Senate’s Promise to Fix Military Retirement Pay
Even as the Senate rushes to pass the new bipartisan budget agreement, lawmakers are acknowledging they botched part of the plan and are vowing to undo a cut to military retirement pay before it takes effect in 2015.
Senators on both sides of the aisle said Tuesday they didn’t intend for military retirees to take a hit in the deal, which is designed to ease some of the budget “sequester” cuts now, replacing them with fee hikes and promises of future spending cuts.
But while many Republicans said the budget problems should be fixed now, Democrats rejected that, saying the deal should be passed as is, even with the military cut, and then Congress can come back and fix it later.
“We can and we will look at other hopefully better ways to change this policy going forward. But opening up this bill to changes today after the vast majority of Congress has voiced their support for a deal that ends the repeated crises we have faced in this nation is not the solution,” Sen. Patty Murray, Washington Democrat, said Tuesday on the Senate floor.
Ms. Murray, chairman of the Senate Budget Committee, spoke shortly before a dozen Republicans joined Senate Democrats in defeating a GOP-led filibuster of the budget accord on a 67-33 vote. The House on Thursday passed the budget on a 332-94 vote, with strong majorities of both parties in support.
The two-year, $1.012 trillion deal struck by Ms. Murray and House Budget Committee Chairman Paul Ryan, Wisconsin Republican, partially relieves sequester cuts and increases user fees and pension contributions for recently hired federal workers. President Obama has signaled his support, although many outside conservative activists and tea party lawmakers in Congress opposed the final deal.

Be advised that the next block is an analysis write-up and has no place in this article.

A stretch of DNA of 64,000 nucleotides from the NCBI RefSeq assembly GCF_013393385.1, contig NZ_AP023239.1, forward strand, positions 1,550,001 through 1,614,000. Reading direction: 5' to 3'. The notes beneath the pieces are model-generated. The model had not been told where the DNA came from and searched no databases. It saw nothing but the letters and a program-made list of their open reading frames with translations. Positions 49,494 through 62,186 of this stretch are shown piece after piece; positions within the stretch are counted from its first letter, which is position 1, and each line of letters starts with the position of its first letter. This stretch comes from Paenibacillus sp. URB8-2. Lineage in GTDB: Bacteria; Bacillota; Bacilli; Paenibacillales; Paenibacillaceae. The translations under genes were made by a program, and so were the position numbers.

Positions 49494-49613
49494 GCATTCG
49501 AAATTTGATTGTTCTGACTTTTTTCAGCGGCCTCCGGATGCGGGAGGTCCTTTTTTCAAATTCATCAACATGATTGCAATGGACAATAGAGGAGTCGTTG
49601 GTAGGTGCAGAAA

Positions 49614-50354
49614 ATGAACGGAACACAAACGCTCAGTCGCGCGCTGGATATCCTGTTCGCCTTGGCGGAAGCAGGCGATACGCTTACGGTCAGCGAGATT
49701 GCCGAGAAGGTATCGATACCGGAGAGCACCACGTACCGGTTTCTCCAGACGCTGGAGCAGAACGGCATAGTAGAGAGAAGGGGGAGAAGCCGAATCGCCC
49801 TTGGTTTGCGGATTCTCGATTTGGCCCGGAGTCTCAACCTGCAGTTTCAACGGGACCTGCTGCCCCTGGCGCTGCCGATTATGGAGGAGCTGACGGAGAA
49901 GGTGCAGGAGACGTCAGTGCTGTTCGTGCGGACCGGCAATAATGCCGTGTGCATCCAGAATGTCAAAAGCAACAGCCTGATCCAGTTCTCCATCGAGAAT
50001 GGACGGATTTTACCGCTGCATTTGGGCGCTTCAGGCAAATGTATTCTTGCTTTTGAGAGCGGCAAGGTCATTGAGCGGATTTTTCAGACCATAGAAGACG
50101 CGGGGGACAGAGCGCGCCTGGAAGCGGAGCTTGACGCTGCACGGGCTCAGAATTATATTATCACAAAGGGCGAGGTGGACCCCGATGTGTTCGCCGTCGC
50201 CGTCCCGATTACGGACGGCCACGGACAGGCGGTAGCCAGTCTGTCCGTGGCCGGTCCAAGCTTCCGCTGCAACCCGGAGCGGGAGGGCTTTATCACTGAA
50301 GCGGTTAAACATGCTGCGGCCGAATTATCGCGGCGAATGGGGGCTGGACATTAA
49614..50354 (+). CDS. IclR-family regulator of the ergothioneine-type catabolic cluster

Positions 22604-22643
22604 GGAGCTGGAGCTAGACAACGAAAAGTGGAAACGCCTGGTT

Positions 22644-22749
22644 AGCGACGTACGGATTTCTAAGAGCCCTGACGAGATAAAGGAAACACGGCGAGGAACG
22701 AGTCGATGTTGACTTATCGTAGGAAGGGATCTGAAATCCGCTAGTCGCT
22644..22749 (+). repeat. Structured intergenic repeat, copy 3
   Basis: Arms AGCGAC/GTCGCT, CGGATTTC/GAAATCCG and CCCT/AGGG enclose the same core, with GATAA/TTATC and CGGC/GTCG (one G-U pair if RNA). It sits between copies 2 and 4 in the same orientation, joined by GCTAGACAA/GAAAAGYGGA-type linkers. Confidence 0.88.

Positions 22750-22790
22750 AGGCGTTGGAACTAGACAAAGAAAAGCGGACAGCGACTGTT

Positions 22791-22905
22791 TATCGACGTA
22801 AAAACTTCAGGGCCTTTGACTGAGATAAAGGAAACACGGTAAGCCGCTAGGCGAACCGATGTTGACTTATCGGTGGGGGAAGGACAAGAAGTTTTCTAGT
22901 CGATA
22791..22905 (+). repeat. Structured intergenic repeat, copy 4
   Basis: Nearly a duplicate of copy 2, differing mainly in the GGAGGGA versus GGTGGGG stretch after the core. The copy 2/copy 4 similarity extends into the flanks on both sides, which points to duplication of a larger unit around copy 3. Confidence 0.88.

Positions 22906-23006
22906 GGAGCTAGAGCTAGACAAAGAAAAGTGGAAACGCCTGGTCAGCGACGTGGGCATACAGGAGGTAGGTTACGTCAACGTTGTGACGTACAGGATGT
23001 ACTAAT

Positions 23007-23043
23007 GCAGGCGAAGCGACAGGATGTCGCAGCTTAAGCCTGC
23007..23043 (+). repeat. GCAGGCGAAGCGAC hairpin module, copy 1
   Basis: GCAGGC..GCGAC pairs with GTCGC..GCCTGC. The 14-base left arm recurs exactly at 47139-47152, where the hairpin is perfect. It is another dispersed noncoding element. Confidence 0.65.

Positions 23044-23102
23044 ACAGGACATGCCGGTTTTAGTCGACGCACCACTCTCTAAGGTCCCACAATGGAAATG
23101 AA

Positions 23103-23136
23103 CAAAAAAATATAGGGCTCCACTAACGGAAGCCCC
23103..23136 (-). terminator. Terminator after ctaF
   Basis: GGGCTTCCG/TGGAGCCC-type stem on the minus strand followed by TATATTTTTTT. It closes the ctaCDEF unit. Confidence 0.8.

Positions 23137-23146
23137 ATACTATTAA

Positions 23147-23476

A final Senate vote is slated for Wednesday.
Still, the military retiree benefit cut proved a potent criticism.
Under the plan, benefits for military retirees under age 62, including those who medically retire after being injured in the line of duty, would see cost-of-living adjustments cut to 1 percent less than the Consumer Price Index.
The measure is expected to save about $6 billion over 10 years and will go into effect in 2015, but it could cost a senior enlisted-service member who retires at age 40 more than $70,000 over his lifetime, according to a release from Sen. Roger Wicker, Mississippi Republican.
Sen. Jeanne Shaheen, New Hampshire Democrat, announced she’ll write a bill to eliminate the cuts and replace them by ending corporate tax breaks — something Republicans refused to do during this round of budget talks and are unlikely to want to consider in the coming days.
While praising the budget compromise, Ms. Shaheen said it was “not perfect.”
“The plan I am going to introduce will undo changes to future cost-of-living adjustments for military retirees and will instead achieve savings by closing corporate tax loopholes. It’s a smart, pragmatic fix and I hope it will generate bipartisan support,” she added.
Sen. John McCain, an Arizona Republican and senior member of the Armed Services Committee, said he backs the deal despite the military retirement cut and that he’s certain Congress will fix it.
“We have a commission working on this whole package right now. I’m confident we will fix it next year,” Mr. McCain told reporters Tuesday after the vote. “I’ve talked to all four leaders of the services. All of them want this passed because they need the relief from sequestration. Every military leader supports this bill.”
Sen. Kelly Ayotte, New Hampshire Republican, wasn’t willing to wait until next year, calling on Congress to find another place to cut before leaving Washington for the holidays.
“Let’s take a moment in this body, stop trying to rush out of town for the holidays and work together to come up with replacement [money],” she tweeted Tuesday afternoon. “Fixing this legislation shouldn’t be too much to ask of ourselves — we are blessed in this country because of our men and women in uniform.”